Once again, for this activity, you will need to consider the piece of courseware you have been using as the basis of the previous analysis activities.

  1. Review the outline of the structured learning experience you have been analysing.

  2. Determine where you might insert digital wellbeing information and advice so that students participating in the experience are counselled on their digital technology use and encouraged to make good decisions around it.

Engagement question: How successful do you think inserting digital wellbeing education into this courseware would be at helping students consuming it to self-regulate their technology use as they complete the course requirements?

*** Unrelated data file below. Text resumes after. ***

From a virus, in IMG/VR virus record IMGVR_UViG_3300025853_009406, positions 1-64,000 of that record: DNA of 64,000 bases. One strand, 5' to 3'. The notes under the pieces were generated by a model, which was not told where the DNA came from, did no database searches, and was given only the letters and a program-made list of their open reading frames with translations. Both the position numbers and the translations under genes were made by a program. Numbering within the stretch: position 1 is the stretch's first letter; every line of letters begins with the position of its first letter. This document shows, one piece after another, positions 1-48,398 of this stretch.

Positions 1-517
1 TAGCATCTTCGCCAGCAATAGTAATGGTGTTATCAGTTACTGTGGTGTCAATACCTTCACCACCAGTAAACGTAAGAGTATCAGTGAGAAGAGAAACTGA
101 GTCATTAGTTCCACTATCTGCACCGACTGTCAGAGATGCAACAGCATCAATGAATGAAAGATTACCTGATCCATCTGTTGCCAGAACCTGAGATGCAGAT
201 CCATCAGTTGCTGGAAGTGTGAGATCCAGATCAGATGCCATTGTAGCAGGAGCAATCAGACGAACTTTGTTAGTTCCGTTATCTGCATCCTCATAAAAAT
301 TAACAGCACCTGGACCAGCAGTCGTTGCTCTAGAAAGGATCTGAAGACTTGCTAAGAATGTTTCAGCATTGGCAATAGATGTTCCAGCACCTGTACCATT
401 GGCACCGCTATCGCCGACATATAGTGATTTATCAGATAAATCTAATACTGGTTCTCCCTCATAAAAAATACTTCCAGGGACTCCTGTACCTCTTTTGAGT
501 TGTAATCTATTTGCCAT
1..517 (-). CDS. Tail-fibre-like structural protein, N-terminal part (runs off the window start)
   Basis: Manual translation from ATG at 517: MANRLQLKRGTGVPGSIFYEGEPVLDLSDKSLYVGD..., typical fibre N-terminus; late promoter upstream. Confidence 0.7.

Informed consent

A useful concept to apply to both of these counterarguments is that of informed consent – the process of providing information to a research participant about their exposure to various methods, stimuli and processes during their participation (Elliot et al 2016). 

Including the requirement to disclose the anticipated amount of entanglement in terms of time, hardware and software in your design practice means that students will be deciding on whether the learning experience requirements will affect their wellness from an informed position. Further, incorporating mandatory learning around technology’s potential for harm if misused and healthy ways to interact with it into learning design addresses the responsibility of educational institutions to mitigate the risk of ill effects of technology-entangled learning.